Travell has also shown that trigger points in upper trapezius may be perpetuated by asymmetry of the upper limbs and shoulder girdle.  The weightbearing function of the upper trapezius in supporting the upper limb can be over stressed when the arms are unsupported for an extended period of    time, or through prolonged elevation of the shoulders as an expression of anxiety or stress (Travell and Simons 1993). Occupational factors have also been shown to play a large contributing role in the development of neck pain (Gross et al 2009).  When the position of looking up under machines was held for an extended period of time during the course of his working day, in combination with the other potentially aggravating activities of a long stressful working day, driving long distances, and sleeping in different beds with unfamiliar pillows, these activities in combination would be likely to activate a trigger point in his upper trapezius muscle.

Hypomobility of the right C34 zygapophyseal joint was also found on palpation examination, and this was similar to the predominantly right-sided neck stiffness (P2) of which the patient complained. PAIVM’s and PPIVM’s as described by Maitland were used to determine the exact level of joint mobility changes (Maitland 1998). The patient’s symptoms of P2 were reproduced with GrIII unilateral PA PAIVM’s of the right C34 zygapophyseal joint. The downslope technique as described by Hing et al was chosen to mobilise this joint as it is a side bending and extension mobilisation, and can be used to restore a loss of extension, side bending or rotation towards the side of movement (Hing et al 2003). As the patient was relatively young, with no history of underlying cervical pathology, and stiffness being more noted in this joint than pain, a long lever technique was chosen.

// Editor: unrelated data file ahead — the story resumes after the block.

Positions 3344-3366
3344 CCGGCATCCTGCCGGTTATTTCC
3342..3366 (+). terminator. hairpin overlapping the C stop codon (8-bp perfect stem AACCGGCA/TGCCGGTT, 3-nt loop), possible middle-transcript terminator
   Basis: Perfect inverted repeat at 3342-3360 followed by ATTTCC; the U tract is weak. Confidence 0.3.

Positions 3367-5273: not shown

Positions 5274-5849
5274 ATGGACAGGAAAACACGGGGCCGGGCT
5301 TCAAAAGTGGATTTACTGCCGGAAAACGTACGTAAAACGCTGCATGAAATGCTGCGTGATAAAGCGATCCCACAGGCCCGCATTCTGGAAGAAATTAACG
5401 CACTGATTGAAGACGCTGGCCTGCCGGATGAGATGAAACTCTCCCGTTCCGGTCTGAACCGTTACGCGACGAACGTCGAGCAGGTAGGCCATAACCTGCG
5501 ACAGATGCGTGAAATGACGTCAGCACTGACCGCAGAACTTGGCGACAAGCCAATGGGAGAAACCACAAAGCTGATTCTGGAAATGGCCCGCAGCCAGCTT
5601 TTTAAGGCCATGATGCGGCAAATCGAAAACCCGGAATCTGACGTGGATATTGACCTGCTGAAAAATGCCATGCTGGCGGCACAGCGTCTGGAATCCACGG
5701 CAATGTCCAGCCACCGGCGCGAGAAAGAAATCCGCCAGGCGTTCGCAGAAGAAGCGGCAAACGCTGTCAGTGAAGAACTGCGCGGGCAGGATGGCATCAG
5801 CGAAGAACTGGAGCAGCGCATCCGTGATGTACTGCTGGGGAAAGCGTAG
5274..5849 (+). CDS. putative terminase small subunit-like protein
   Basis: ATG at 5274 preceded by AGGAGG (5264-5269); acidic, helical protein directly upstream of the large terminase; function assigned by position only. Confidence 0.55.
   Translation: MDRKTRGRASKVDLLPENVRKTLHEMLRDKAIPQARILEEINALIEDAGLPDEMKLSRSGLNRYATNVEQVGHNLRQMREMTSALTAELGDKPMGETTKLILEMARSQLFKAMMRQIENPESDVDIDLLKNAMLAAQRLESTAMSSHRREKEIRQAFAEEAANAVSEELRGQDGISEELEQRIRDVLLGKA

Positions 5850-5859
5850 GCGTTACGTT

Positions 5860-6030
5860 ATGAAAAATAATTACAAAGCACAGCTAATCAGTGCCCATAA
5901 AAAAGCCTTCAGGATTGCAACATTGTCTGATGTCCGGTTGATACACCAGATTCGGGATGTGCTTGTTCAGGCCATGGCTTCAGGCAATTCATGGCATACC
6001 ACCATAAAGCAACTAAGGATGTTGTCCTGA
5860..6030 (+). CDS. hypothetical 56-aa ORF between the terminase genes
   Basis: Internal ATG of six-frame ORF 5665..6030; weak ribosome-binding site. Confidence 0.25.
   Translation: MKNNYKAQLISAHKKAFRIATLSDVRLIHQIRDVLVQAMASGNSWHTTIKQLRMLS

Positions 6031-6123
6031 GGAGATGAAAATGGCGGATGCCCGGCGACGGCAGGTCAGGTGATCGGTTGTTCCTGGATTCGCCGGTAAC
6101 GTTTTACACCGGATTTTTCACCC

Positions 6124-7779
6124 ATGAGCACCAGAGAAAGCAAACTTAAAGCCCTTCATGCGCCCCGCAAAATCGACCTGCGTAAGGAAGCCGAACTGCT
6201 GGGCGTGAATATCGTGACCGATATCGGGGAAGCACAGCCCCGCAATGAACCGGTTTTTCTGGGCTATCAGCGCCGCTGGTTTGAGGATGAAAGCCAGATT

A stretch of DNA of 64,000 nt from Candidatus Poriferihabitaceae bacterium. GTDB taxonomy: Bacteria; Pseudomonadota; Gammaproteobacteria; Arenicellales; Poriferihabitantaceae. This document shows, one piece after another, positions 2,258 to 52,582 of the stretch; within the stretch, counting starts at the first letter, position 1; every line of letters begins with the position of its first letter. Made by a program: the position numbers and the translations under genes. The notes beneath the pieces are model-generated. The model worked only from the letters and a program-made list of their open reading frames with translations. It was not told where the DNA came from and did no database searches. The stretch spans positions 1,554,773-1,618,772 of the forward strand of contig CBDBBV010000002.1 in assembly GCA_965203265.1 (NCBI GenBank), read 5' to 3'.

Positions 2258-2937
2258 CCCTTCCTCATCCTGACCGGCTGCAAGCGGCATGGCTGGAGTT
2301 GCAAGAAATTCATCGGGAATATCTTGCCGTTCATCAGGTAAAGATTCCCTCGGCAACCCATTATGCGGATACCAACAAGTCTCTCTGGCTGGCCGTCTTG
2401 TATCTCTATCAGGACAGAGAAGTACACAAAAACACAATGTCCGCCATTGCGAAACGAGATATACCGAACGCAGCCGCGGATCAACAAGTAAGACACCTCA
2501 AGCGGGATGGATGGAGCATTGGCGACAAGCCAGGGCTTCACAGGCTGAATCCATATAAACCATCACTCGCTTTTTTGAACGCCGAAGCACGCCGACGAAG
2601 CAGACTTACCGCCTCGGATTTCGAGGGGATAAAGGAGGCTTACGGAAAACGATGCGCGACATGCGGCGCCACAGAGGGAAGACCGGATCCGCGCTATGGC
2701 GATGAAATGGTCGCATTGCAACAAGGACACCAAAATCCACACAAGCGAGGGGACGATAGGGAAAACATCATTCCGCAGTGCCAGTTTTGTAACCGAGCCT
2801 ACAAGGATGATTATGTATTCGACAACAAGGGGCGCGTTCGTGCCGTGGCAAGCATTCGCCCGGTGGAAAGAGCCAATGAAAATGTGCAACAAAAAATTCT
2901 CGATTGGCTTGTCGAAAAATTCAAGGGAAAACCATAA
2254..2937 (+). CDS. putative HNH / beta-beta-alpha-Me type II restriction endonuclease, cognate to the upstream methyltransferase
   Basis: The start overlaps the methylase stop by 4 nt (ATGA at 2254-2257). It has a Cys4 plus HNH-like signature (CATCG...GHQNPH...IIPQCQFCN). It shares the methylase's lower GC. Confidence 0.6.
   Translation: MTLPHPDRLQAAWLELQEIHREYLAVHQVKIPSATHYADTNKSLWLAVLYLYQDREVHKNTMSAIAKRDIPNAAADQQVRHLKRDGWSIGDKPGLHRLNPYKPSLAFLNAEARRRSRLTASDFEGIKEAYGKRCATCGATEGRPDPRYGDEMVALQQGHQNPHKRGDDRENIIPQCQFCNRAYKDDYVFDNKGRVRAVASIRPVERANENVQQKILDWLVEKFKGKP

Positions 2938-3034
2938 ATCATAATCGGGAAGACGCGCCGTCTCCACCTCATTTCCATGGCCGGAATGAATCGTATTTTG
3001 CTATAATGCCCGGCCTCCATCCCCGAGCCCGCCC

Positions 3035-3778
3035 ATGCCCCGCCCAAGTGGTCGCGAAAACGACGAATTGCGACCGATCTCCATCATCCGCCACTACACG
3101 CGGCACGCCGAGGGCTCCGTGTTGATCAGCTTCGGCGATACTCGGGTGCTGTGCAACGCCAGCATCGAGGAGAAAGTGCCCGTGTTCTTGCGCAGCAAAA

When the patient was retested after joint mobilisation to determine the effectiveness of the long lever downslope mobilisation technique of his right C34 zygapophyseal joint for treatment of P2, he felt not only an improvement of P2, but he also felt further relief of his P1 symptoms.  This is comparable to the correlation that Travell and Simons found between somatic or articular dysfunction of the C2, 3 and 4 vertebrae, and trigger points in the upper trapezius, which often co-exist.  C4 joint involvement can cause a referral pain over the area of the upper trapezius. This can cause secondary involvement of the upper trapezius muscle, and the muscle may become hyperirritable, which can lead to the development of trigger points (Travell and Simons 1993).

The cervicoscapular muscles are also thought to have a mechanical impact on the cervical spine. Although there is still some speculation about this matter, there is a likelihood of compressive forces being placed on the upper cervical motion segments due to the superior attachments of the upper trapezius and levator scapulae muscles, and the associated transfer of weight from the upper extremities (Jull 2008, Andrade 2008). During the initial physical assessment, the patient’s range of movement with rotation to the right improved from ¾ to full active range with correction of his scapular position.  A study by Andrade et al showed that elevation of the scapulae by passively supporting the upper limbs resulted in an increase in the range of cervical rotation (Andrade et al 2008). Although the exact mechanism for this increase in range, which occurs in both healthy, painfree individuals, and those with cervical dysfunction, is unknown (Andrade et al 2008), there is a possibility that it occurs as a result of decreased tension in the aforementioned cervicoscapular muscles, and subsequent decompression of the cervical zygapophyseal joints.